Farming & Succession within the family– what are the current tax & Legal considerations?
Modern farming is a business, and like any business, it must take advantages where they arise. The world of farming has changed dramatically over the last number of decades. It has gone from a straightforward outdoor profession to a complicated, rules orientated business. Farmers nowadays spend as much time indoors with paperwork as they do outside actually working.
We also understand how difficult it can be to plan for the future. The advantages to doing so are obvious, but one needs to be aware of the potential pitfalls and the ramifications of decisions both from an accountancy and a legal perspective.
The types of queries therefore should concentrate on anticipated or potential difficulties. Farmers should initially try to establish whether or not the contemplated plan is tax efficient and can practically work. Thereafter they should seek to ascertain and understand all of the benefits and drawbacks of what is planned. Ultimately the farmer’s main query should be to find out the “good, the bad and the ugly” of what is planned. From there they can make an informed decision.
Some of the main issues facing farmers usually relate to ownership of the farmlands. Farms are of not only of a monetary value, but they also hold a huge sentimental value which may have built up in some cases over many generations. This makes it very hard to let go. Succession and the transfer of farming land is an issue faced by successive generations of farming families. The aim is to effect the transfers of farms from one family member to the next while minimising the associated tax cost.
In our experience the two main issues facing farmers on transfers of land are:
- Firstly the practical issue of what they are going to do. Do they keep farming or transfer to the next generation, or indeed sell?.
- Secondly is the question of tax. Can they afford to transfer to the next generation? What costs arise as a result of such a transfer?
The tax reliefs which have existed over the last numbers of years in Ireland still remain but changes to some of these cannot be ruled out in the upcoming budget. Also, tax free gift/inheritance thresholds have fallen considerably and capital tax rates on taxable farm transfers have increased from 20% to 33% (and may keep climbing). Such trends will continue driving up the cost associated with family farm transfers.
Some additional tax incentives for farming land exchanges have been introduced recently which may be beneficial to some in the farming community.
Taxes arising on the transfer of qualifying faming land within the family must be considered under the following tax heads:
Capital Gains Tax(CGT) for the transferor ( the parent) : Despite the parent not receiving any payment from the child, under the tax legislation, the parent is deemed to have received consideration equal to the market value of the farm assets transferring during their lifetime. The parent may then have a liability to capital gains tax (currently 33%) on any increase in value of the farming assets since the assets vested in their name.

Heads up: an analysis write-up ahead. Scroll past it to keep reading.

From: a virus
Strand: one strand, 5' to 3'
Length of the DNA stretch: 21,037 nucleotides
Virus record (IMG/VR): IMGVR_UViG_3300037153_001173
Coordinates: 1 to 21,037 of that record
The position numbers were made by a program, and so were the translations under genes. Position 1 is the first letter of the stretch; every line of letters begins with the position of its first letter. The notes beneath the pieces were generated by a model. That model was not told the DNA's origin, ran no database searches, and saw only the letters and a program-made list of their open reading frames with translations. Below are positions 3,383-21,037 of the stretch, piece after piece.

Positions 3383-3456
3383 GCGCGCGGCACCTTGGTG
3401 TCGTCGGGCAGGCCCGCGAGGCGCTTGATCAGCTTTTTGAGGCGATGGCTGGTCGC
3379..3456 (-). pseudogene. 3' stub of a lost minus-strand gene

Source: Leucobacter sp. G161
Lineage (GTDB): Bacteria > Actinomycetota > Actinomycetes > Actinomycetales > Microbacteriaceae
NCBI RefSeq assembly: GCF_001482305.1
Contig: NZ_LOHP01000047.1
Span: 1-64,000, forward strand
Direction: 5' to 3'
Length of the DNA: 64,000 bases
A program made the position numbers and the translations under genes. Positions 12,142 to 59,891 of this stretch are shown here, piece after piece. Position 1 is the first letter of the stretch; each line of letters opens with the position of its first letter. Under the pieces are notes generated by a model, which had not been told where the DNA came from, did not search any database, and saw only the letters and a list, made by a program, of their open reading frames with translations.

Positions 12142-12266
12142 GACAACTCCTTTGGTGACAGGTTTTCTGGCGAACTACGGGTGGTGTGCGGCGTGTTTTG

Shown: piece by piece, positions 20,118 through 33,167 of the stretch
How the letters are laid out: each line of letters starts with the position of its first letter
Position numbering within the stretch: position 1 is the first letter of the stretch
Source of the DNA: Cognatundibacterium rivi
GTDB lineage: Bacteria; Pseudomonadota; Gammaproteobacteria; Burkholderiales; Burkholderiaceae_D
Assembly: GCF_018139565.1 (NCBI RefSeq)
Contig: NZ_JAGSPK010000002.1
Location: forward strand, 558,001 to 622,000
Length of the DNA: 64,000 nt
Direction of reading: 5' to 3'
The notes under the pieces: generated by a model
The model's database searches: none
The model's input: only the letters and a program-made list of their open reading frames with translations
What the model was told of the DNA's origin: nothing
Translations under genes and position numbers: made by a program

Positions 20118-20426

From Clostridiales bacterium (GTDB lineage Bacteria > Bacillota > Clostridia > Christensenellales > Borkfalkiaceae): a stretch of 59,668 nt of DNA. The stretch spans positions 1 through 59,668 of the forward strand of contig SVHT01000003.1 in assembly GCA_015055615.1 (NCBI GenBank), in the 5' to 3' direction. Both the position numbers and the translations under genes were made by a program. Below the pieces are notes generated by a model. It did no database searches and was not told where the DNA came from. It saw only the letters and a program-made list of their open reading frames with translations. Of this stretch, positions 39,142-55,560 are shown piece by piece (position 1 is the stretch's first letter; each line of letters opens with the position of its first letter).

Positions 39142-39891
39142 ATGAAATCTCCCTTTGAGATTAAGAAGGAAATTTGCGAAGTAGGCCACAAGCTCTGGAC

A relief from CGT called retirement relief may be available on the transfer of qualifying farm assets if the parent satisfies certain conditions; including being over 55 years of age and the land having been farmed for the last 10 years. This relief exempts the parent from CGT on the farm transfer. Currently, there is no limit to this relief on transfers between parent and child but from 31 December 2013, for any farmer over 66 years of age, the CGT relief will be limited to farming transfers of €3m and any amounts in excess of this will be liable to CGT.
In the case of assets transferring on a death, no CGT arises for the parent and this can be one of the main reasons why some farms are not transferred during the parent’s lifetime. Nonetheless, the impact on the child and the timing of the transfers must also be considered.
- Inheritance/Gift Tax(CAT) for the transferee ( the child): On receipt of a tax free gift from a parent, if the value of the gift exceeds the tax free group A threshold, currently €225,000, CAT at 33% is due and payable by the child. The value of the gift is deemed to be the market value of the farming assets transferring. A relief from CAT called agricultural relief (and if agricultural relief does not apply in some cases business relief may apply) may be available on the transfer of qualifying farming assets situated anywhere in the EU. This relief has the effect of reducing the taxable value by 90%.
For example: the transfer of a qualifying farm worth €2.25m on which agricultural relief can be fully claimed, the taxable value would be reduced to €225,000. Assuming the Group A parent to child tax free threshold was still available then no CAT would be due on this transfer.
In order to qualify for agricultural relief the child, on the valuation date, must be considered to be a farmer. A farmer for CAT purposes means that 80% of the market value their assets, including the farm assets just gifted, must consist of qualifying farming assets. Also, for agricultural relief purposes the agricultural assets cannot be sold by the child for a 6 year period to avoid any clawback.
- 3. Stamp Duty: Stamp duty on the transfer of commercial property (including Farm land) is 2% of the market value of the property transferring. However, on the transfer of assets, other than shares, between parent and child a relief called consanguinity relief is available to reduce the stamp duty rate to 1%. This relief is due to expire in December 2014.
The transfer of lands to persons who qualify as young trained farmers is exempt from stamp duty. This relief is available until the end of 2015 for those qualifying as Young Trained Farmers. The person who is gifted the land is liable to pay the stamp duty liability.
- VAT on the transfer of assets must also be considered depending on the VAT status of the parties.